Thursday, February 18, 2010

Glimpses...part 1

In the first post on this deconstruction/doubt topic, I talked about how I’m in a state of deconstruction, with only glimpses of what a reconstructed faith would look like. In this post, I would like to talk about some of those glimpses, i.e. what are characteristics that we comprise a reconstructed faith. Think of it as puzzle pieces. At this point, I’m not sure how the pieces will come together and what the reconstructed faith will look like. Here are the glimpses:

A Continually Deconstructing Faith – Whatever the reconstructed faith looks like, it will always be subject to further deconstruction. Sounds oxymoronic, but it’s true. Even after my faith is reconstructed, that doesn’t mean I’ve arrived and finally have it nailed down. As I said previously, there are always human constructions that are built up around our core (relationship with God, others, self) that inhibit the full expression of love in those relationships. Some call it sin, missing the mark, whatever. To continually allow the Other (God, others, self-reflection) to challenge our core is the path towards wholeness.

A Post-Foundational Faith – Previous to my deconstruction, the Bible acted as the foundation of my faith; or stated more accurately, MY interpretation of the Bible acted as the foundation of my faith. I believed that “the Bible says it, I believe it, that settles it”. I believed that the Bible had the last word on all matters, including science, sociology, psychology, etc. As I began to re-evaluate this, I discovered that I was operating under what philosophers call Foundationalism. It is a belief in an indubitable (beyond question and self-evident through reason) foundation that all other beliefs are built upon. I think this understanding of the Bible is a product of the Enlightenment and would be foreign to the original writers/hearers of the Scriptures. Coupled with postmodern interpretation theory and the role of community in interpretation, the indubitable foundation of the Bible and my individual interpretations is no longer valid for me. Much more could be said about the tie between Enlightenment rationality, individualism, and it’s affect on interpretation, but that will suffice for now. My foundation is God’s love (but…even that needs to continually be deconstructed….what is Love? What does it look like? How would the oppressed hear the message of God’s love?)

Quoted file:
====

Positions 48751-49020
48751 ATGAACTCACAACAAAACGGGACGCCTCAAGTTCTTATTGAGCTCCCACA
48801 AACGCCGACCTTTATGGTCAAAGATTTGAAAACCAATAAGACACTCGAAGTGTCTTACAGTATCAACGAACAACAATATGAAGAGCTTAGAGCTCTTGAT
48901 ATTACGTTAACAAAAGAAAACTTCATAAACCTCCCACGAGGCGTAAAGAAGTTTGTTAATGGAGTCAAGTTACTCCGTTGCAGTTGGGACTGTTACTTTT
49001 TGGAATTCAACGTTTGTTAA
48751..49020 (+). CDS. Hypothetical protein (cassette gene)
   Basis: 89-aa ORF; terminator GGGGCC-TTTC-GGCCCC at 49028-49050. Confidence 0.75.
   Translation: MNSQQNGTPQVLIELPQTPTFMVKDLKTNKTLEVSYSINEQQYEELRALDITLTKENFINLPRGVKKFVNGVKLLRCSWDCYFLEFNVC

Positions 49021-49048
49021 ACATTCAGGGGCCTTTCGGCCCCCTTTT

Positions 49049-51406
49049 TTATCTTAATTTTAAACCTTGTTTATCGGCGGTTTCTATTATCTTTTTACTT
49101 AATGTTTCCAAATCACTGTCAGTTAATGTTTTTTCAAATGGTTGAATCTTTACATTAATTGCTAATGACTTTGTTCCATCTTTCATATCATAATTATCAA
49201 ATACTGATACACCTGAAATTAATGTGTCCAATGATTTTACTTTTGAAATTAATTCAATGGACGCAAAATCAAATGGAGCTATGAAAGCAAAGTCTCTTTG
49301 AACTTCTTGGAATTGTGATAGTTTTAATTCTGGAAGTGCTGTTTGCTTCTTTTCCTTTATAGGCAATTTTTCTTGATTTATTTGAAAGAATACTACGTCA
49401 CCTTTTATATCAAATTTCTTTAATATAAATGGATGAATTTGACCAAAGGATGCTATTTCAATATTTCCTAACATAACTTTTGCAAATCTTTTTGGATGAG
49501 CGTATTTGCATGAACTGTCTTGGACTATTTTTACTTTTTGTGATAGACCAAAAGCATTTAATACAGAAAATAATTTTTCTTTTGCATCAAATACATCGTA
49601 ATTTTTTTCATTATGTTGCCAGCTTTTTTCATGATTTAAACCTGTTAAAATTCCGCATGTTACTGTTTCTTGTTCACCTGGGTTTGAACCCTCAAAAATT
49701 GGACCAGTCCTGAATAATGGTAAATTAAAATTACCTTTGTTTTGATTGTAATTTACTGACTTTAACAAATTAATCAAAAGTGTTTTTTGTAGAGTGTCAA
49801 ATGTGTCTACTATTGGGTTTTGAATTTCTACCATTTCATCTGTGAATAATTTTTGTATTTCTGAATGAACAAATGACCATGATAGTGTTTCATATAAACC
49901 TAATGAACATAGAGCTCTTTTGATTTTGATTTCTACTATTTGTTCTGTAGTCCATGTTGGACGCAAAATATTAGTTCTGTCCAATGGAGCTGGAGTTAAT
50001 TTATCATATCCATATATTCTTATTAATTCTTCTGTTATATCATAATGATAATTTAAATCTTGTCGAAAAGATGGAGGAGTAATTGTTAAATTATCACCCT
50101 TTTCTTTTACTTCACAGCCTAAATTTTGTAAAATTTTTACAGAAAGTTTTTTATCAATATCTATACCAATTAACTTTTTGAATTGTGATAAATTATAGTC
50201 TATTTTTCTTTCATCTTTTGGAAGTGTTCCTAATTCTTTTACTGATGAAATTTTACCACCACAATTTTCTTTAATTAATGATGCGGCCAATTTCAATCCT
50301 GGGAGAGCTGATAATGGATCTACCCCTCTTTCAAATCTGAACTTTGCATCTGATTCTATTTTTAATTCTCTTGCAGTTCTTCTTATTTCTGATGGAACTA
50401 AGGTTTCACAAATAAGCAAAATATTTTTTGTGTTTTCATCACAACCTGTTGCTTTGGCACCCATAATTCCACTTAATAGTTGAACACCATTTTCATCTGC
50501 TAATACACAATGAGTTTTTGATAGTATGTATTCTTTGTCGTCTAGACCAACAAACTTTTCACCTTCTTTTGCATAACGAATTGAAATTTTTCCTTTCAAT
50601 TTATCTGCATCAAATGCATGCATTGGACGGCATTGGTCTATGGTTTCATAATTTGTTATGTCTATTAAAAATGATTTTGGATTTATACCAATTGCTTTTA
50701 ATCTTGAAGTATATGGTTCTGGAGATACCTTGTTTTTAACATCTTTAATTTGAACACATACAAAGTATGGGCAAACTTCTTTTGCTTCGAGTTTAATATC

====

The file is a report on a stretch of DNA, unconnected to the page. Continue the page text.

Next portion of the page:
A More Holistic Faith – This sort of ties to what I said above about the Bible. After studying the cultural, historical, and generic understandings of the Scriptures, I now see that the Bible is a very mysterious, sometimes paradoxical, sometimes violent, beautiful collection of stories, laws, poetry, myth, etc that details the God/human interaction throughout history and during specific cultural and historical settings. It’s not the final word on all matters of science, psychology, etc, nor was it intended as such. When I say holistic, I mean a faith that sees all truth as God’s, whether it comes from science, sociology, literary theory, etc. I’m still processing through how the Bible fits with all that. Some, like Wesley, used a quadrilateral of scripture, reason, tradition, experience…with Scripture being primary. Others, like John Franke, use terms like “norming norm” for the Scriptures in light of culture, tradition, reason, etc. Not sure where I land on this yet. If the Bible is to be primary, or the mediating source (which I’m not convinced of at this point), how is it to be so? Is it based on the story it tells, the authority of it (a whole other can of worms), something else??

A Move from Believing the Right Things to Believing in the Right Way – Stole this one from Peter Rollins, but I like it. It’s a move from rationality and mental agreement with doctrines to how what I believe affects me. Does what I believe make me more loving towards God and others? If not, then no matter what the “doctrine” is, I am not believing it in the right way. It is believing with a humble open hand instead of a dogmatic closed fist. It’s moving from either/or dualistic thinking to both/and thinking.

Four is good for now. More to come. Thoughts anyone???

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